Here’s something I will always proudly and freely admit – I am a child of and love the 80s.
You know, the decade of lots of hairspray, leg warmers, Walkmans, tight Guess jeans, high-top shoes, jeans tucked into ones socks, jellies, Members Only jackets, Adidas (track suits and shoes).
You get the visual.
As I’ve aged, there are many days when I happen to catch a music video from this era and I think we looked a hot damn mess. I know at the time, we thought we were doing it, but really, we were not.
There is, however, one thing about the 80s that I will always defend and probably never tire of.
Much could be said about how horrible the style of dress was, but you can’t say the music was bad, because it wasn’t (especially if you compare it to what’s being produced now, but that’s a whole ’nother blog and I’m starting to sound like my father).
Most everyone can identify an artist, duo or group that defined their childhood. For me, the group was New Edition. I was in the third grade when Candy Girl (the first of seven studio albums) was released.
And I have been a dedicated and life-long fan since listening to that cassette tape.
My very first concert? New Edition. The posters that blanketed my wall (and ceiling) in my room? Again, New Edition. My first crush (on a famous individual)? Ralph Tresvant, lead singer of New Edition.
Is it no surprise, then, that when I found out they were touring and would be performing (on my birthday no less) in Los Angeles at the Nokia Theatre, that I would be right there traveling down memory lane and reminiscing about the time of my life where everything was all about fun, fun and more fun?
Coming out hard to Bell Biv DeVoe’s (BBD) Ronny, Bobby, Ricky, Mike, Ralph And Johnny (Word To The Mutha)!, the fellas (Ralph Tresvant, Ronnie DeVoe, Mike Bivins, Johnny Gill and Ricky Bell) sounded strong and never missed a dance step as they moved on to If It Isn’t Love and You’re Not My Kind of Girl (from 1988s Heart Break).
It wasn’t until the song Hit Me Off that “Bad Ass Bobby Brown” joined his band mates (he referred to himself as such during the show).
If you aren’t familiar with NE history, Bobby was kicked out the group and had a successful solo career. He eventually reunited with the group in 1996 where the group recorded Home Again.
They subsequently parted ways (again) after some drama, but have since mended fences and all seemed well June 24.
They (as we all have) have definitely gotten older, hence the two breaks in the show. The first was right after the aforementioned set of songs. Everyone introduced themselves (I can’t imagine anyone in the audience not knowing who was who, but I guess it’s possible).
Can I just say how happy I was for this break because I’ve gotten older right along with them, and I needed a moment to wipe the sweat from my brow and catch my breath for the next round of songs.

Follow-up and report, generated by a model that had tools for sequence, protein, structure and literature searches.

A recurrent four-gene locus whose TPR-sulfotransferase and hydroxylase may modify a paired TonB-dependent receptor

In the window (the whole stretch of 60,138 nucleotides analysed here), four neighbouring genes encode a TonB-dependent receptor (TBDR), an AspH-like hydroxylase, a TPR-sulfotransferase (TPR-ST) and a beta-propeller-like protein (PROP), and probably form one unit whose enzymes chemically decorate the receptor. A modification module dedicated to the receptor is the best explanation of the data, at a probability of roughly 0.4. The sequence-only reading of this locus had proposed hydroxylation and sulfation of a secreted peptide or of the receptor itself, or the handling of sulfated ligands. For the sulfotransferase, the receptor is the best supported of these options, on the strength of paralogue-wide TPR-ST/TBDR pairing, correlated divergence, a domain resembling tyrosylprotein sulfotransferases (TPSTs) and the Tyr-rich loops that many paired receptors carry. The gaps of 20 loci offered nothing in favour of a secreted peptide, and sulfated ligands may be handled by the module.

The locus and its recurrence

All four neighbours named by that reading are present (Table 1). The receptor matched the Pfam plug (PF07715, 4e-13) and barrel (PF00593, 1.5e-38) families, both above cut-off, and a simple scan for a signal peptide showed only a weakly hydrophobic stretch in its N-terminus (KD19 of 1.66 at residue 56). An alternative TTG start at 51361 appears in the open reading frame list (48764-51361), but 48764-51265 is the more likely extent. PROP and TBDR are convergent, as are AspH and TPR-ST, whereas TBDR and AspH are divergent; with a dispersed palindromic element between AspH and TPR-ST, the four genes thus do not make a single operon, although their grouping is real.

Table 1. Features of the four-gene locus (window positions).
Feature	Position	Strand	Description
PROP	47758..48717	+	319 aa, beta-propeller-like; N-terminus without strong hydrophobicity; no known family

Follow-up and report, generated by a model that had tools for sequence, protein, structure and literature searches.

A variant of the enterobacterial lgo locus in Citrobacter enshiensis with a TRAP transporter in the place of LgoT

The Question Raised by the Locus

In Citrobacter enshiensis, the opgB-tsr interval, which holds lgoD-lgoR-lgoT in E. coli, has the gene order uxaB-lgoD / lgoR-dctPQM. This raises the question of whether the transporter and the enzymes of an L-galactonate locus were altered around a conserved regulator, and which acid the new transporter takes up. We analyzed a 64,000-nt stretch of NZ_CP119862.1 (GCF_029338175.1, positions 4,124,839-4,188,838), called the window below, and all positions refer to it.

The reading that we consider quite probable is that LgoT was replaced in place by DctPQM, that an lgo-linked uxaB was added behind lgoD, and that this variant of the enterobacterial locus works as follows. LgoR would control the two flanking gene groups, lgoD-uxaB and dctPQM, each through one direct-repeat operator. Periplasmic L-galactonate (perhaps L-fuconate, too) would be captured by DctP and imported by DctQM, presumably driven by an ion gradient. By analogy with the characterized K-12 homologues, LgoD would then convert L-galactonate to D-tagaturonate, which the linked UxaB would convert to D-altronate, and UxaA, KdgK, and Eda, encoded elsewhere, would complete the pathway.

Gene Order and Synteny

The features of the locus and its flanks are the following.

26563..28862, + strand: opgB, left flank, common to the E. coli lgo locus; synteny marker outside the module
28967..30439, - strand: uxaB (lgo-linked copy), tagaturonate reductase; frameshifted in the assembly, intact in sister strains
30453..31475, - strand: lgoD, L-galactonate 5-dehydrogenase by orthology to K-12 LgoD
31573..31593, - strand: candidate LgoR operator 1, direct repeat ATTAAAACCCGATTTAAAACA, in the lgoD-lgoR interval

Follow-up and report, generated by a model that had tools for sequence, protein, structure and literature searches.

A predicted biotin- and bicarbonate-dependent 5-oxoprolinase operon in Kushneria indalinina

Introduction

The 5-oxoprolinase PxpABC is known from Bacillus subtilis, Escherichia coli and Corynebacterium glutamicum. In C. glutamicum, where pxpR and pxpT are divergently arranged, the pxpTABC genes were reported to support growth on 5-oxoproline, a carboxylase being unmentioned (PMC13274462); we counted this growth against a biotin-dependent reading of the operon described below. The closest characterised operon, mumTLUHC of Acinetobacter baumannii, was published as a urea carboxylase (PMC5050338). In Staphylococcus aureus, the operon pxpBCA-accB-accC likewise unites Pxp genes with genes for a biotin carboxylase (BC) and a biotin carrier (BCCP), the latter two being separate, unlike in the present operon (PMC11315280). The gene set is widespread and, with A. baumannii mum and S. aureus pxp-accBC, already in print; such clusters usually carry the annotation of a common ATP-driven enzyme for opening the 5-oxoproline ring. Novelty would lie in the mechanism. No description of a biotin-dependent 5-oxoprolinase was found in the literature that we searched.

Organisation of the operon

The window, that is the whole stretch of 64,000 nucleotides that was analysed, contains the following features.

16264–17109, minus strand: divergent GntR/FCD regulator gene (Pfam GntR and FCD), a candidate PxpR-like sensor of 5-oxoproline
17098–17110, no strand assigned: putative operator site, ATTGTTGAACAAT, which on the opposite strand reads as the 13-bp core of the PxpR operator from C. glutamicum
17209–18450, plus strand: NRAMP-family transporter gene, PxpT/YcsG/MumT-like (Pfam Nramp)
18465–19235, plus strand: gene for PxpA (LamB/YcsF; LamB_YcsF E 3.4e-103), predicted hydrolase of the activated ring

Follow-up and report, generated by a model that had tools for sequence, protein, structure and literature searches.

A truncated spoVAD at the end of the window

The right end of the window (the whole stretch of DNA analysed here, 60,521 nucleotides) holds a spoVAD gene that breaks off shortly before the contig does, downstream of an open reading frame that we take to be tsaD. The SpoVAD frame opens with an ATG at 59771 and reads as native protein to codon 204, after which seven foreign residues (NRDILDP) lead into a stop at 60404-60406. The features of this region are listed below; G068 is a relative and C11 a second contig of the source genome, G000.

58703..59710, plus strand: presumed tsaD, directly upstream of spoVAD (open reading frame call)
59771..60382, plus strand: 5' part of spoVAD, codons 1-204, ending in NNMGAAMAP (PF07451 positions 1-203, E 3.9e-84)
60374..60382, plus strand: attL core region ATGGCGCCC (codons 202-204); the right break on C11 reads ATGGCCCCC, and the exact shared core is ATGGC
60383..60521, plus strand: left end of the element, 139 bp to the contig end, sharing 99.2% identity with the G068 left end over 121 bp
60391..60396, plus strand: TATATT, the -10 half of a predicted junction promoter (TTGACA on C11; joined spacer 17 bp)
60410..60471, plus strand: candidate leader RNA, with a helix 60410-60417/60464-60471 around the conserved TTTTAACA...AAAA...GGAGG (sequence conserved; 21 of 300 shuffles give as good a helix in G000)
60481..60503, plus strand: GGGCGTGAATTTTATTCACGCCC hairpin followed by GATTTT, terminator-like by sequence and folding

Through the years, NE went through several transitions (Bobby’s departure left four members; a few years later, Johnny Gill joined the group and it was back to five; Bobby came back and it increased to six only to decrease back to five after he left again).
The flow of the show did a great job reflecting all these adjustments.
While I reminisced about the past as they sang (sans Johnny) Jealous Girl, Is This the End, Popcorn Love, Candy Girl and Mr. Telephone Man, it was fascinating listening to adult men sing songs recorded when they were young pups with still developing voices.
Those grown, mature voices still had fabulous harmony, pitch and timing.
They also needed another break, which went on far too long with Bobby and Ralph debating the reason why Bobby was kicked out of the group.
More history – there was a period of time when all members were off doing their own thing; Ralph and Johnny both released solo projects, while Ricky, Mike and Ronnie formed BBD.
Johnny rejoined the rest, belting out his hit My, My, My (he turned real serious at the end); Bobby kept the slow groove going with Roni (and was typical Bobby with the nasty dancing); BBD continued the mellow flow with When Will I See You Smile Again? (I think Ricky is an underrated lead singer); and Ralph reminded us that women still need a little Sensitivity from their man.
I was impressed that, while everyone sang their own work, the rest of the members provided the back up vocals. It was wonderful to see them supporting each other.
The only time the stage cleared was when Johnny sung a new song from his latest release Still Winning. Towards the end I think he went a little overboard and caught the holy ghost, but that’s just Johnny being Johnny.
It was a nice touch for him to acknowledge Babyface – who was in the audience and thrilled the crowd with a few notes of a song I couldn’t quite place.
Finishing the show with BBD’s Poison was so appropriate because it’s one song that still gets everyone on the dance floor no matter where it’s played.
After this show, I realized that while fashion designers are busy trying to bring back parts of the 80s (I’ve seen leg warmers in the store and thought “What the heck?”), New Edition is one thing that will never go out of style.
Setlist (parenthesis indicate which artist sings the song): Word to Your Mutha (BBD), If It Isn’t Love, You’re Not My Kind of Girl, Hit Me Off, Jealous Girl, Is This the End, Popcorn Love, Candy Girl, Mr. Telephone Man, Cool It Now, My Secret (Didja Gitit Yet?), Count Me Out, My, My My (Johnny), Roni (Bobby), When Will I See You Smile Again? (BBD), Sensitivity (Ralph), Can You Stand The Rain, Boys to Men, It Would Be You, My Prerogative (Bobby), Do Me! and Poison (both BBD).